Diabetes – What is Diabetes?
Diabetes is a serious condition that affects millions of people each year. It occurs when your body doesn’t produce enough insulin, or it’s not able to use the insulin it does have effectively.
Exercise, diet and medication can help to prevent or delay the disease. It’s also crucial to be aware of the symptoms so you can tell whether something is wrong and get treatment.
What is diabetes?
Diabetes is a chronic health condition (long-lasting) that alters how your body converts food into energy. It happens when your pancreas doesn’t produce enough insulin or is unable to use it correctly.
Insulin is a hormone that assists your cells absorb and use sugar, also known as glucose. Type 2 diabetics don’t produce enough insulin or are unable to use it correctly.
The blood sugar levels rise over time in both types of diabetes. This can lead to problems with your eyes, feet and kidneys. It can also cause damage to your heart arteries and brain.
Type 1 diabetes
Type 1 diabetes is an autoimmune disorder in which the body’s immune system attacks and destroys insulin-producing cells inside the pancreas. The destruction can take place over months or even years, eventually resulting in the absence of insulin completely.
Insulin is a requirement for people with type 1 diabetes all day. They must also keep an eye on their blood sugar levels and adjust their insulin, food, and levels of activity to keep their blood sugar levels within the healthy range.
Type 2 diabetes
If you suffer from type 2 diabetes the body isn’t functioning as insulin should. Insulin is a hormonal substance that helps your cells move glucose (blood sugar) from your blood into your cells where it is utilized to generate energy.
People suffering from type 2 diabetes need to treat their condition with a healthy diet and regular exercise. They may also have to take medications to control their blood sugar levels.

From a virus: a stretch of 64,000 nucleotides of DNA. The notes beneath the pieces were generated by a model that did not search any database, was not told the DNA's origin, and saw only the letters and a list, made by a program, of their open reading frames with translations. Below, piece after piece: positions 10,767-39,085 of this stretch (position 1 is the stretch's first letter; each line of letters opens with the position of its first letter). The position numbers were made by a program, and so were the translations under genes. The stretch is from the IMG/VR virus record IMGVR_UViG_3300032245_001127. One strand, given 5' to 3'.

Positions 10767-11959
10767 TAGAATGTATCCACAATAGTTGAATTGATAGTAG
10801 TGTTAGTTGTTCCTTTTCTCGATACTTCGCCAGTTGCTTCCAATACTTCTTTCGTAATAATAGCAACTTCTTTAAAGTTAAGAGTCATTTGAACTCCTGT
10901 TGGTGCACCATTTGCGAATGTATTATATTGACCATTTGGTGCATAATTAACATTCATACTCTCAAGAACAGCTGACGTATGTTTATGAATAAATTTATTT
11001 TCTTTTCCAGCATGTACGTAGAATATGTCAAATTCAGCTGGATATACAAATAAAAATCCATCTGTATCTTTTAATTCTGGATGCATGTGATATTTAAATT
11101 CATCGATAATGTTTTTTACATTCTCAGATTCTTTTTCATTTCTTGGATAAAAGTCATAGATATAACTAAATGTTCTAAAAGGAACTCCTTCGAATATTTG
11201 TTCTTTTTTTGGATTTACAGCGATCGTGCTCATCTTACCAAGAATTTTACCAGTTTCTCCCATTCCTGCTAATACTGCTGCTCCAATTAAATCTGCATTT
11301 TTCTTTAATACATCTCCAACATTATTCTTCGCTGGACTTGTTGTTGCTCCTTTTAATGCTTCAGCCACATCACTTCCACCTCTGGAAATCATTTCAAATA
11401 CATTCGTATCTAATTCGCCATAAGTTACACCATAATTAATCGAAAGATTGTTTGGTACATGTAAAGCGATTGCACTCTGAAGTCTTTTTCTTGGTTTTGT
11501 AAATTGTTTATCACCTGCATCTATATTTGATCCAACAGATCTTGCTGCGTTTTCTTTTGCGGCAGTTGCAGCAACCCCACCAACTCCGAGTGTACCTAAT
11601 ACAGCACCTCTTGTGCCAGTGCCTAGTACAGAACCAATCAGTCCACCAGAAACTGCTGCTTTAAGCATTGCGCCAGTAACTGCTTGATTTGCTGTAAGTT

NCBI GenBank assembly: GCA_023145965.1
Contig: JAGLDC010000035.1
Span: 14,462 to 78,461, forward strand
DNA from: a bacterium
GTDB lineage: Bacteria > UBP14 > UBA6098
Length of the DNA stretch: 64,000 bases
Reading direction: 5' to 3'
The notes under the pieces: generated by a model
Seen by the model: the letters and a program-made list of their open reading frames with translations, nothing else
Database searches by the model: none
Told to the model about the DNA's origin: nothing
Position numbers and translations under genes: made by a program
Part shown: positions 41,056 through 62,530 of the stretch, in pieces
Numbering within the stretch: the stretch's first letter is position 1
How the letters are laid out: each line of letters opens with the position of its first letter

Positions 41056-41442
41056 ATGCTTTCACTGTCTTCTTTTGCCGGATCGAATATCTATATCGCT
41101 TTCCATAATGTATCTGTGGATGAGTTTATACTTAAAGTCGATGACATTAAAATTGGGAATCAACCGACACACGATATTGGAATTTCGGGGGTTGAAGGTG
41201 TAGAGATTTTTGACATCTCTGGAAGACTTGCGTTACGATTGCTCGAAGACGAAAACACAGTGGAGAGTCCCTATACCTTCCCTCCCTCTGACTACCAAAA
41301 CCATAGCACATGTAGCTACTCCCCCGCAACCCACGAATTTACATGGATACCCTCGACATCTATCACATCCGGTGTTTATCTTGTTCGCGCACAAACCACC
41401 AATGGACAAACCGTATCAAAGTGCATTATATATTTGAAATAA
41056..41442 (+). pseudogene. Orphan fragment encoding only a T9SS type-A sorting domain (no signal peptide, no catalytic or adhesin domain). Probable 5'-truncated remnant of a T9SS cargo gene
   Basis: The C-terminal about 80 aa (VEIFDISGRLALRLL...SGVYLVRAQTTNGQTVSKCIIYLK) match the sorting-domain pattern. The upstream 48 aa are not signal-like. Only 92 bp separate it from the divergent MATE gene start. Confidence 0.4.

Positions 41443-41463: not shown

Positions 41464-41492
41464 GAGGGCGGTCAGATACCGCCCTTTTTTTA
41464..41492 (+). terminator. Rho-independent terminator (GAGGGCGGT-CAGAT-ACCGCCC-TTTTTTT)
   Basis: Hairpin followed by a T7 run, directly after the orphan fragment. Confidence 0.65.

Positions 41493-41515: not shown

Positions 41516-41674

Women with diabetes are more likely to experience symptoms
Diabetes is a chronic illness that affects people of all races and ethnicities and ages as well as genders. However women are at higher risk than males.
Women with diabetes have a greater chance of developing complications than men, such as heart disease (the most frequent diabetes complication) and loss of vision.
One of the early warning signs of women with diabetes is increased thirst and urine, a condition known as polydipsia. This is because diabetes can result in excess sugar accumulation in your bloodstream, and your kidneys cannot eliminate it.
Men with symptoms of diabetes
In diabetes, cells are unable to make use of blood sugar (glucose) to produce energy. This is usually because the pancreas ceases to produce enough insulin.
This can lead to elevated blood sugar levels. Your body will then attempt to lower the levels by flushing the excess glucose in your bloodstream through urine.
People with diabetes are typically thirsty, and they need to drink plenty of fluids.
Men may also lose weight because their bodies utilize muscle for energy rather than fat. This is due to their blood sugar levels are high for long periods.
Making a balanced diabetes diet is a crucial aspect of managing your diabetes. It can help you control blood sugar, reduce your weight and risk factors for heart disease.
Your diet should comprise plenty of whole food items, including fruits, whole grains, vegetables, beans and low-fat dairy. It should also be low in saturated (unhealthy) fats and added sugars.
You may also be able to reduce the amount of sugar-sweetened drinks you consume. These drinks usually contain high levels of sugar and can cause high blood sugar levels.
Your doctor may prescribe diabetes medications to help keep your blood sugar (glucose) levels within a normal range. These medications are often combined with changes to your lifestyle, such as diet and physical activity, to help manage the condition.
If your blood sugar is not being managed well with one medication, you may need to add a second medication. Your doctor will work with you to choose the most appropriate medicine for your requirements and preferences.
The latest medications, including sodium-glucose -cotransporter-2 inhibitors, and glucagon antagonists of the peptide-1 receptor, reduce blood sugar and offer benefits for the kidneys and cardiovascular system, while decreasing the risk of developing complications. They can also be beneficial for weight loss and are available in tablets and injections.